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A schole of guile, a net of deepe deceit,
A guilded hooke that holds a poisoned baite. 3. A fortresse foyld which reason dyd defend,
A syren song, a feauer of the minde,
A raging cloud that runnes before the winde;
A goale of griefe, for which the wisest runne. 4. A quenchlesse fire, a nursse of trembling feare,
A path that leades to perill and mishap,
An idle boy that sleepes in pleasure's lap:
1. “ The match that's made for iust & true respects,
With euennes both of yeers and parentage,
Pari iugo dulcis tractus. 2. For where chast loue and liking sets the plant,
And concord waters with a firme good will,
Pari iugo dulcis tractus.
Sweet is the musicke vnitie doth make,
Pari iugo dulcis tractus. 4. Where chastnesse fayles, ther concord will decay,
Wher concord fleets, ther plentie will decrease,
Pari iugo dulcis tractus.
I, concord, keep the course of sound consent,
Pari iugo dulcis tractus, i
6. Make much of vs, all yec that married bee,
Speake well of vs, all yee that minde to bee,
Pari iugo dulcis tractus." Of the songs of sadness and piety, a specimen may be found in the present volume, p. 187-9. The whole number is thirty-five, of which the last two are “ the funerall songs" of Sir Philip Sidney.
Art. V. Lucasta. Posthumous Poems of Richard
These honours come too late
MART. LIB. I. EPIG. 26.
London: Printed by Wm. Godbid for Clement Darby. 1659. Sm. 8vo. pp. 107.
Although some account of this now (comparatively) scarce volume of one of the most pleasing of our early poets has been given in a former * Number, I cannot but think that some additional extracts from it will not be unacceptable. “ The dedication to the Right Honorable John Lovelace, Esq." by Dudly Posthumus Lovelace (a brother of the author) is not unworthy of the name; and spite of the diffidence of its writer discovers a vein, which even in this polished era would not be censured as deficient in smoothness and talent; indeed it appears to me to possess an arrangement and phraseology characteristic of a much later period.
• Cens. Lit. Vol. IX. p. 338.
** Lucasta (fair, but hapless maid!)
And leave her tears to plead the rest." The following song by Richard Lovelace recommends itself as much by its neatness, as by its didactic turn.
Thy silk's the silk-worme's, and not thinė;
What though her thin transparent laun
Thy heart in a strong net hath drawn?
In her fair soul's immac'late glass :
When all your gawdenes will fit
She that a clinquant outside doth adore,
Dotes on a gilded statue, and no more.” The following address to the “ Ant," is accompanied with a playfulness of muse, which I think would hardly suffer in a comparison with some of the lighter pieces of our late lamented Cowper, who might not have disdained a competition with the elegant Lovelace.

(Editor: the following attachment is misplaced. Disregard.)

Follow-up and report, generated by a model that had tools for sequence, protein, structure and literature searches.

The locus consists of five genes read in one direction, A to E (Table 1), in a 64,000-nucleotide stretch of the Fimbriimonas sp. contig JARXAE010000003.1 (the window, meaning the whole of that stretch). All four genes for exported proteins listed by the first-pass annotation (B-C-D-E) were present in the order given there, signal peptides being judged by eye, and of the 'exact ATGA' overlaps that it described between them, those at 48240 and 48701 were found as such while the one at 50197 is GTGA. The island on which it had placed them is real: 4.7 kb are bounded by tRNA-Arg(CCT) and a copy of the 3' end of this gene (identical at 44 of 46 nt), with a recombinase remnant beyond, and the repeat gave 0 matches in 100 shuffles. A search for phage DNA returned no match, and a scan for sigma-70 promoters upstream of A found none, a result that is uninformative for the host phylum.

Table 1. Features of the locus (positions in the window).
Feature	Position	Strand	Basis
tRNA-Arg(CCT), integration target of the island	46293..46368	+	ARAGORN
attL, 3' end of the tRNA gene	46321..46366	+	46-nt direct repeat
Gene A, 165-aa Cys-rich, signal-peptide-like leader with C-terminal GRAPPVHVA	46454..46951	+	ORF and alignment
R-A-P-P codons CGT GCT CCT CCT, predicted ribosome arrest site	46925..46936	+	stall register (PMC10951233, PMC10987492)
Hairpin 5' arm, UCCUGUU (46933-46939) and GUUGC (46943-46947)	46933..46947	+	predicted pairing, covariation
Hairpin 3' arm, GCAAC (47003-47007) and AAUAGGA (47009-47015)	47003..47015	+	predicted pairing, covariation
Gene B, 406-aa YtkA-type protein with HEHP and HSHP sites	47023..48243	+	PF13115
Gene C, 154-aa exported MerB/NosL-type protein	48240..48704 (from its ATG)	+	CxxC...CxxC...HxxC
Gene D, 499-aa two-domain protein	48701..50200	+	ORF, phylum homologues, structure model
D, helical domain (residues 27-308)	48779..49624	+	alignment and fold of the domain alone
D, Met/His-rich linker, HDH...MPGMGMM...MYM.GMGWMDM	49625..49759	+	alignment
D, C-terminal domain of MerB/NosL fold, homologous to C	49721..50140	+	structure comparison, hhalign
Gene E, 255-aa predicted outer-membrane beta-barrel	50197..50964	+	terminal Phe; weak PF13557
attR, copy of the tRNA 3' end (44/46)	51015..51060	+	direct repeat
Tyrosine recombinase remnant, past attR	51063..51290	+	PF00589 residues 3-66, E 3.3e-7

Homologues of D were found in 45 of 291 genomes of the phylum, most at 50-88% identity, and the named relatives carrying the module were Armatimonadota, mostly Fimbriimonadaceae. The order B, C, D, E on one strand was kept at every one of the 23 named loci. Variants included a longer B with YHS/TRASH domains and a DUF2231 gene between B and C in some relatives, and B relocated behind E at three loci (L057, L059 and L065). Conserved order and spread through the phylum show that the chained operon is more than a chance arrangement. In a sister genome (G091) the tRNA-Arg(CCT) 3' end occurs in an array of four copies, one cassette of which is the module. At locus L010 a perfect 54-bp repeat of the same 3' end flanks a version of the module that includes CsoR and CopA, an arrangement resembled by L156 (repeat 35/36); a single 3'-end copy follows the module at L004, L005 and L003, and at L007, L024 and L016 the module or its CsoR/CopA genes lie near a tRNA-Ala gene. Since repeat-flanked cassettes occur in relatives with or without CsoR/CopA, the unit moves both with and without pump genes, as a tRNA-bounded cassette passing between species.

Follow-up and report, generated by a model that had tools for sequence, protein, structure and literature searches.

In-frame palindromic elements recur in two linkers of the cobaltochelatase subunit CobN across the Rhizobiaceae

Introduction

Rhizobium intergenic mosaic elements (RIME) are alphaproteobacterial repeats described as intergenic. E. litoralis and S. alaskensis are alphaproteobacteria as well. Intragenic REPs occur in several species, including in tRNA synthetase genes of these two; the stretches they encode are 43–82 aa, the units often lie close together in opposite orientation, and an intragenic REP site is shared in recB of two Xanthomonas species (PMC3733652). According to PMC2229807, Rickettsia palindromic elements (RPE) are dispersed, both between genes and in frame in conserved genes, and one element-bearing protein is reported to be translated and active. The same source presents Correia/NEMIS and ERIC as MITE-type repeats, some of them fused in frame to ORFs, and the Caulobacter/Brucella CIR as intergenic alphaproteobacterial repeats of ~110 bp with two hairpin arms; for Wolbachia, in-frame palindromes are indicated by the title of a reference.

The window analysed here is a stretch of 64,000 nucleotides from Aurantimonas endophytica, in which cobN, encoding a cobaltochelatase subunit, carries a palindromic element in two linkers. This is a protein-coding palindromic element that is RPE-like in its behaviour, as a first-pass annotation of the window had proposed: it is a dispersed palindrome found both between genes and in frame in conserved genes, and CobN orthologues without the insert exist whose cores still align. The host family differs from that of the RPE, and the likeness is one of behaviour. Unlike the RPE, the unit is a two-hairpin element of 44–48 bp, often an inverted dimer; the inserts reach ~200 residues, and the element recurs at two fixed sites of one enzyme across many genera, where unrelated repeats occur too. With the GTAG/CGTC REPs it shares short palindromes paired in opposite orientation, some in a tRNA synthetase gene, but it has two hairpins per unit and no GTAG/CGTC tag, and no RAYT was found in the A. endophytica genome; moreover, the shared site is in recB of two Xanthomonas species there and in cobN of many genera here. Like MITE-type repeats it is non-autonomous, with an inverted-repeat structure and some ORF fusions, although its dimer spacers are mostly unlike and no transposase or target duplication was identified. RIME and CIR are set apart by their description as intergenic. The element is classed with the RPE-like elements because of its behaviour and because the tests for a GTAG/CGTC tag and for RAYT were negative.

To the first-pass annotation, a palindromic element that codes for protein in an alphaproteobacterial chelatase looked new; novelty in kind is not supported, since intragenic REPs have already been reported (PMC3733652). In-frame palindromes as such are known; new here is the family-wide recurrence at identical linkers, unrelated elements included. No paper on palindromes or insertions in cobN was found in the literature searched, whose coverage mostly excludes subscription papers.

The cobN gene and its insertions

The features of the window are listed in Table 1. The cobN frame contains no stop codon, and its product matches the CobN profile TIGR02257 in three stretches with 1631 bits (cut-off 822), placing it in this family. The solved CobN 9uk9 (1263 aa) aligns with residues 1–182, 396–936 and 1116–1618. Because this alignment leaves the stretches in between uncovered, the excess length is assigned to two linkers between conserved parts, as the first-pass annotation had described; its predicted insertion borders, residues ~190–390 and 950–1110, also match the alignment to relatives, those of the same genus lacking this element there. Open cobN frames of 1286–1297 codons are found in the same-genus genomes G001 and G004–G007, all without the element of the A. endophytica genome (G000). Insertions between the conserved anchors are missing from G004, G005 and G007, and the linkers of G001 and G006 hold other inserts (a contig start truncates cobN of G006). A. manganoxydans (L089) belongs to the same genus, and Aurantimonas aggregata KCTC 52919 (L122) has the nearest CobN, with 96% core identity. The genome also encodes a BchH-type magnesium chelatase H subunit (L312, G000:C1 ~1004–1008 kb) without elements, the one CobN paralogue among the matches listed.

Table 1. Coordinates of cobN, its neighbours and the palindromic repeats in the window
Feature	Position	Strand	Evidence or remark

“ The Ant.
A little respite from thy flood of sweat;
Thy spacious tent, fan thy prodigious heat ;
(For thy example is become our law)
So Cato sometimes the nak'd florals saw.
Lucasta, she that holy makes the day,
And 'stills new life in fields of Fucillemort;
And with her eye bid all to play and sport;
th' art worse than prodigal.
To lose with pleasure what thou get'st with pain:
Not all thy life time one poor minute liue,
Thy fatal foes, for breaking of her law:
And her fierce servant, meagre, Sir John Daw:
For some more rav'nous and ambitious jaw:
The pie in th' hawks, the hawks i'th' eagle's maw: So scattering to hord 'gainst a long day, Thinking to saue all, we cast all away." To this volume was prefixed a portrait by Hollar, from a drawing by Francis Lovelace, also a brother of the author, but which is rarely found with it. Mr, Richardson however has copied it with great accuracy.* This portrait differs materially from the painting in Dulwich College, (engraved lately by Clamp for the Biographical Mirror) which discovers much more of " the most amiable and beautiful person that
eye euer beheld," (Wood's 'Athena) than the former. In Dulwich College also is a portrait of Althea, but without any clue to lead to the discovery of the lady who has been so fortunately immortalized. Mr. Lysons, in his Environs of London, speaks of her as the same with Lucasla. I am not aware of any authority for
Granger speaks of another portrait of Lovelace by Faithorne; but which I have never seen or beard of but from Grainger,